The European Commission is expected to present its proposal for the new Pact on Migration and Asylum before the end of June. However, viewpoints of the member states still did not converge and because of this, it will be difficult for the Commission to find a solution that suits everyone.
As we wrote earlier, in the last few months some European countries had to face not just the coronavirus pandemic, but also a large number of migrants. Immigrants from Africa arrived on ships to the coasts of Malta, Italy and Spain. At the Greek border thousands of people wanted to get into the country after Turkey had announced, they do not intercept them anymore. In the video conference of home affairs ministers in April, politicians made decisions about immediate assistance to these Mediterranean states and they agreed on the need for a new European Pact on Migration and Asylum in the long term. The Pact currently in force was adopted by the European Council in 2008. This serves as a basis for the EU immigration and asylum policies and contains, inter alia, objectives for strengthen the protection of the external borders and a common framework for asylum.
On June 5th, at the latest online meeting of European interior ministers, five countries – Italy, Spain, Cyprus, Malta and Greece – called for an automatic distribution mechanism which would make it easier for these nations to handle the migration situation. According to sources the European Commission (EC) has the same point of view and will suggest a mandatory relocation system for asylum seekers in its proposal for the new Pact. In protest against this idea, seven Central and Eastern European states – among them the V4 countries – wrote a letter to the EC before the video conference in which they stressed the mandatory quota system is not acceptable for them and with this condition they will not support the new proposal. Their standpoint was also expressed at the meeting, to which European Commissioner for Home Affairs Ylva Johansson responded that the EC is thinking of several possible solutions, hoping that the final one will be to every member state’s satisfaction.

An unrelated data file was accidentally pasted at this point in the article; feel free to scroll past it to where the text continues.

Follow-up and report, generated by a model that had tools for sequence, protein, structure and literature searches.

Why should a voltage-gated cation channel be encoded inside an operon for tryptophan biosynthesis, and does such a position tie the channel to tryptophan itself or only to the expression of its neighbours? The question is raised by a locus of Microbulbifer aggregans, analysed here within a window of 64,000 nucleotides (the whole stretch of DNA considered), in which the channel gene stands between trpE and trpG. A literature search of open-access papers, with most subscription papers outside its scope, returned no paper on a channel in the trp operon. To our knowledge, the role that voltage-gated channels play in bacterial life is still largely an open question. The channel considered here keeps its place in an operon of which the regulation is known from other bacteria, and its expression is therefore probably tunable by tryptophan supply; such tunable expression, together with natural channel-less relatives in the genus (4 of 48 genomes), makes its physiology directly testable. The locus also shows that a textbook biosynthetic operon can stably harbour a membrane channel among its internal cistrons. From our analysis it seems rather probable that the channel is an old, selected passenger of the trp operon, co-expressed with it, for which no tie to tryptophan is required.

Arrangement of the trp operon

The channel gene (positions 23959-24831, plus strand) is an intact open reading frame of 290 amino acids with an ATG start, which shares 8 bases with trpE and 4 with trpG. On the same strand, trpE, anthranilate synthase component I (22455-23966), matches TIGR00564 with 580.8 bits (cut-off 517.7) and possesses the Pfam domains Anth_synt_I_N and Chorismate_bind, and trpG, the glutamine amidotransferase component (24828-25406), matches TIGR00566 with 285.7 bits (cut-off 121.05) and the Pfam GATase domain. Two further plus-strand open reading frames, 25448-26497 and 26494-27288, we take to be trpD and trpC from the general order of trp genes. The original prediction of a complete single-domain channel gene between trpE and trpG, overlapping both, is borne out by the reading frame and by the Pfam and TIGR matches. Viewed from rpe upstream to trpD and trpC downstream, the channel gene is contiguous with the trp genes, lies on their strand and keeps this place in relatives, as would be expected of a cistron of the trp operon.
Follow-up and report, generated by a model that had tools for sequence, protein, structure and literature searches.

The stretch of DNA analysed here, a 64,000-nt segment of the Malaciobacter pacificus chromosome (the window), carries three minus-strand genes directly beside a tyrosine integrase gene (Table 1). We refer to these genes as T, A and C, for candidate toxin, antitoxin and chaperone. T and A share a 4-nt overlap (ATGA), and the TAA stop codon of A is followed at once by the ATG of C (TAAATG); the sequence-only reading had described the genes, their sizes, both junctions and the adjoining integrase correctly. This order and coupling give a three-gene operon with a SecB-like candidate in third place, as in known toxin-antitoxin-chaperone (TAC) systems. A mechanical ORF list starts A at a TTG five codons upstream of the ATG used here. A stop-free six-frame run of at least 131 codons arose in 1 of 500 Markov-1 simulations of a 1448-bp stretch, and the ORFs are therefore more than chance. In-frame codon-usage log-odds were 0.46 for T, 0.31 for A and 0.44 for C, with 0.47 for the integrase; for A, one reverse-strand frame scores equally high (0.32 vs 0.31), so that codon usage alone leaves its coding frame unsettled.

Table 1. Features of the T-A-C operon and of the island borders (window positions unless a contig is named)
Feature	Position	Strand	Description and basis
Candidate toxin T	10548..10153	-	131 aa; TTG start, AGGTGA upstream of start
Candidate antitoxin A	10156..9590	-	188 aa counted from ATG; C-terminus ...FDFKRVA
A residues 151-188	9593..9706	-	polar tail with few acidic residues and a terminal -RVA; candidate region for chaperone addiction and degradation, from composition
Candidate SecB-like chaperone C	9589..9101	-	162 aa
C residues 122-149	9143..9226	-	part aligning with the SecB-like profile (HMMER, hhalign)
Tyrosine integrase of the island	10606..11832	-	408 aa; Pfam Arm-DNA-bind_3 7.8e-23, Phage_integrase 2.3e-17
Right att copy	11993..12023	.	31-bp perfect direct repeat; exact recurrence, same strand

The new Pact on Migration and Asylum is expected to be presented in June and it is not an easy task for the European Commission to submit a compromise scheme. Not letting in migrants is a moral issue for some countries. As there was already an example, they do not change their mind even if it is compulsory to accept asylum seekers and the European Union offers financial support to them for it. Another option could be that those states which do not want to allow in immigrants have to pay a certain amount to the others. Germany, Spain, France and Italy proposed a similar solution in April so this may be a satisfactory possibility for all sides but what will happen if many do not want relocation and instead choose to pay? In that case the situation in frontline countries would only be a little better in the long term and their problem would not be solved. At this moment it seems that the question is not whether the proposal for the new Pact will – in one way or another - harm the interests of some countries, but whether they can reach an agreement on the matter after its presentation.
08-06-2020 - Vivien Kalas